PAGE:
Dingle Peninsula Walk

Dingle Peninsula Walk information and booking

  • Duration
    8 days
  • Difficulty
Check prices & availability

Schedule Details

  • 7 nights in bed & breakfast guesthouses
Equipment Required
Wet weather gear, sunscreen, walking boots, warm clothes, day pack and sun hat – walking sticks are recommended. A comprehensive gear list is included in the pre-departure information provided on booking.


  • Trek through stunning coastal scenery
  • Experience history, mythology and traditional Irish culture
  • Enjoying the flexibility of walking with a daypack from village to village
  • Soak up the atmosphere in the warm family run B&B’s

Tour description provided by World Expeditions

The Dingle Peninsula is one of the most spectacular regions on Ireland's West Coast. Moreover it is steeped in history, mythology and traditional Irish Culture. There is no other landscape in Western Europe with the same density and variety of archaeological monuments. This mountainous finger of land, jutting into the Atlantic Ocean, has supported various tribes and populations for at least 6,000 years. It is impossible to visit the Dingle Peninsula and not be impressed by its archaeological heritage, which ranges from prehistoric times through the Early Christian period to the Middle Ages. There are plenty of small hamlets to enjoy good Irish cheer along the way and in the evenings you will stay at a selection of B&B's, chosen for their good character, location and excellent Irish breakfasts.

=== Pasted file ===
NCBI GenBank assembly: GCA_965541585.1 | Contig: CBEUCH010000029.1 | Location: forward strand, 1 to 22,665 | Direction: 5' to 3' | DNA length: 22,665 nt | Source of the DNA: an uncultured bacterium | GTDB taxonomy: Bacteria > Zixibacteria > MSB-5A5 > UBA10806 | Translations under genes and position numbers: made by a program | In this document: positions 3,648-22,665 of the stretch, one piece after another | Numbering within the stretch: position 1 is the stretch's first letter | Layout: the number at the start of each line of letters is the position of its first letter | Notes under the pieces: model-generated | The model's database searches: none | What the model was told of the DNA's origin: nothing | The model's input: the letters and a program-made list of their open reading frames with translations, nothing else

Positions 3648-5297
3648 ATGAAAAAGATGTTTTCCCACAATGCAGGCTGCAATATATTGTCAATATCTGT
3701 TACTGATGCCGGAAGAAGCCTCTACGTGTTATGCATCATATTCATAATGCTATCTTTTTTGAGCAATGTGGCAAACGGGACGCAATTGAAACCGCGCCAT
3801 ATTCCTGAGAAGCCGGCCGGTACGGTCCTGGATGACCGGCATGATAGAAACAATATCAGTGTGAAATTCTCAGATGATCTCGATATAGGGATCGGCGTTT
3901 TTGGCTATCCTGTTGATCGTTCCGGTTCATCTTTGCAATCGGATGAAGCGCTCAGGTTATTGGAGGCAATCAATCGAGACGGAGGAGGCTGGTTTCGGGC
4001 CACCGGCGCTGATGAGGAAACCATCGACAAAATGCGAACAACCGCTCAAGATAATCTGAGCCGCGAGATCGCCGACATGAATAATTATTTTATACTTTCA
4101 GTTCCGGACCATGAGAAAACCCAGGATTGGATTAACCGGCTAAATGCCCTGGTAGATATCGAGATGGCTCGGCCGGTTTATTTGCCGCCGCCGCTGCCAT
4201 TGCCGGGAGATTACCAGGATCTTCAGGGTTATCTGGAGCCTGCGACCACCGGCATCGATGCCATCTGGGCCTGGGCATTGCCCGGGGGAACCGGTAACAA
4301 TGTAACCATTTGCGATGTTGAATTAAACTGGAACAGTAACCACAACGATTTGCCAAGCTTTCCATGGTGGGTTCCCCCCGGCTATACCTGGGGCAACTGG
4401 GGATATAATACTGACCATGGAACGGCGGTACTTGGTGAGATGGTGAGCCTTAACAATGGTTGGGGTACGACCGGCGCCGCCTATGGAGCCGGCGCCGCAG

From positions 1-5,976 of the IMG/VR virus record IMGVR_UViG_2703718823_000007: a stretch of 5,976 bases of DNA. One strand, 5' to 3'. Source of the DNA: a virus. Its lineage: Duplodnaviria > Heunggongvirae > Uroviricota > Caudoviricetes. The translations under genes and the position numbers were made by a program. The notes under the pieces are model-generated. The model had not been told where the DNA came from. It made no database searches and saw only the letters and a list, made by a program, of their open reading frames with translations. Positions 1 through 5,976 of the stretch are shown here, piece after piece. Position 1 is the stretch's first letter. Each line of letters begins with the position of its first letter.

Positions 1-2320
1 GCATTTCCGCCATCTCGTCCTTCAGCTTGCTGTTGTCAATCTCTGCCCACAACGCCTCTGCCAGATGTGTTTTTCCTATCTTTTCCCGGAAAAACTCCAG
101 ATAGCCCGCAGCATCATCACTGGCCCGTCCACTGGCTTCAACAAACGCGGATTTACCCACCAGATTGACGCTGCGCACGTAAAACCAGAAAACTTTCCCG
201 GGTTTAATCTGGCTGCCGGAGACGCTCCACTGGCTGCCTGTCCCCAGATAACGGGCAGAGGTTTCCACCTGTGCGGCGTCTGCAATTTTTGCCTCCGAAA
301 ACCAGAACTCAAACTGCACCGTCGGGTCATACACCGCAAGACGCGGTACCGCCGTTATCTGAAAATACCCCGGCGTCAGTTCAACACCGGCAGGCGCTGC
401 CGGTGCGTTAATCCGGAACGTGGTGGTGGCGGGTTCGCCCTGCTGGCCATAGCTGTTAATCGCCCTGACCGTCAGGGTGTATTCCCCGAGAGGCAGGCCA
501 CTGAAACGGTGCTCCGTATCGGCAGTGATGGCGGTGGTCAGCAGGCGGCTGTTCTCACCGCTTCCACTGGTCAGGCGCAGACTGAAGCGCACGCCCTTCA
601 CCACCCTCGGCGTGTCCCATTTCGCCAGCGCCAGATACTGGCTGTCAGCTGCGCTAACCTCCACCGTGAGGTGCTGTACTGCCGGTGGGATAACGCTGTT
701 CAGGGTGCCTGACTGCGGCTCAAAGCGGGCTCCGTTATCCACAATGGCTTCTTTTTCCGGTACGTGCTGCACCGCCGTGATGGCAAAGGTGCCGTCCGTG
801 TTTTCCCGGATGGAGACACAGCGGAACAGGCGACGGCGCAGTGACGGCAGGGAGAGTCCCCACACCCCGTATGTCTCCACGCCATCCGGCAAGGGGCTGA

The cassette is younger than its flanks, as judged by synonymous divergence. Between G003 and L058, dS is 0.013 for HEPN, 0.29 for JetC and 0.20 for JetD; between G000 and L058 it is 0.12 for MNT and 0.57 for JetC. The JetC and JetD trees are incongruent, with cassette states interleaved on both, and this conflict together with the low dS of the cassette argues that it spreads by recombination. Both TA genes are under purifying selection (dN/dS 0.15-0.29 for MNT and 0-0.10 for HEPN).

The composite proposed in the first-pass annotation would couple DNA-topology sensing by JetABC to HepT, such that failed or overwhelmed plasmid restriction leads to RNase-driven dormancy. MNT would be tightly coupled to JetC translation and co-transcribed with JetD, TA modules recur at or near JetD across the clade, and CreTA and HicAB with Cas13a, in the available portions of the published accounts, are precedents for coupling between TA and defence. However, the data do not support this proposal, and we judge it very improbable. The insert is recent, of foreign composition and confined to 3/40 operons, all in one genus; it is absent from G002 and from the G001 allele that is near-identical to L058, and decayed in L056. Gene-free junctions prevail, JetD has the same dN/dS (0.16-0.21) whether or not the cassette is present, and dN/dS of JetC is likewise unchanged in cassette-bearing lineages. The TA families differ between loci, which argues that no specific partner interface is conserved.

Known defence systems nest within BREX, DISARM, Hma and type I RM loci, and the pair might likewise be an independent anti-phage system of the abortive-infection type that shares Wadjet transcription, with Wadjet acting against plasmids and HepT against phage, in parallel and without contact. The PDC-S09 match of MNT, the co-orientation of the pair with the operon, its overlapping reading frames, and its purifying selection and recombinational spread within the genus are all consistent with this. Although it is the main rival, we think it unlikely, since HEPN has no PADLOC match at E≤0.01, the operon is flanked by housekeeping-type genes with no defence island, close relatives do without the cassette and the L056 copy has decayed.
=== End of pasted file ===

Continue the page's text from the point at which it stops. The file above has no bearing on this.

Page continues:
What's included

  • 7 full irish breakfasts . irish breakfasts are served and usually start with porridge or cereals followed by fried eggs, bacon / sausages, tomato, toast (or any combination you prefer), coffee, tea and juices. this is a great start to the walking day.
  • 7 nights accommodation in bed & breakfast guesthouses on a twinshare basis
  • Daily luggage transfer
  • Route notes and maps
  • 7 day service hotline


Day 1 Arrive Tralee
On arrival please make your way to your accommodation. On check in you will receive your full detailed information pack to commence walking the next day. Your host will also be able to suggest some of the many local restaurants or pubs for food and possibly music. Take the time to enjoy some of the many interesting and historic sights in the area. You may wish to visit the National Folk Theatre or take a tour of the medieval castle.
Day 2 Begin walk on the "Dingle Way" to village of Camp (16km / 5hrs)
After breakfast, start your walk along country backroads to join the Dingle Way. You follow this route under the Slieve Mish Mountains. Rising above 2,500 feet (762 metres) in parts, this mountain range was the scene of prehistoric battles, which are recorded in legend as having been part of the "Milesian invasion". The Milesians, meaning "soldiers of Spain", are said in the legends to have been Gaels who came originally from Egypt, settled in Spain, and invaded Ireland in 1700 BC. As you enter the peninsula from Tralee towards Camp, the bright expanse of Tralee Bay comes into full view. The walk today will be quite rocky along muddy mountain and grass tracks (boots essential) with a maximum height of 250m.
Day 3 To Annascaul (17km / 5hrs)
The walk today takes you through a fascinating area of bog where many locals still come to cut their winter fuel. Crossing the south side of the peninsula, you arrive at the magnificent Inch Beach. Annascaul and Inch Beach lie in the southern foothills of the Slieve Mish Mountains. The combination of mountains and beaches make for spectacular scenery. You will be walking on quiet country back roads and grassy tracks with a maximum height of 200m. Note: it is possible to arrange an additional night in Annascaul (or elsewhere during the walk) which is highly recommended if you would like to do some of the mountain walks in the area. Ask your consultant for cost details. This must be booked when you make your original reservation as you cannot change arrangements once booked.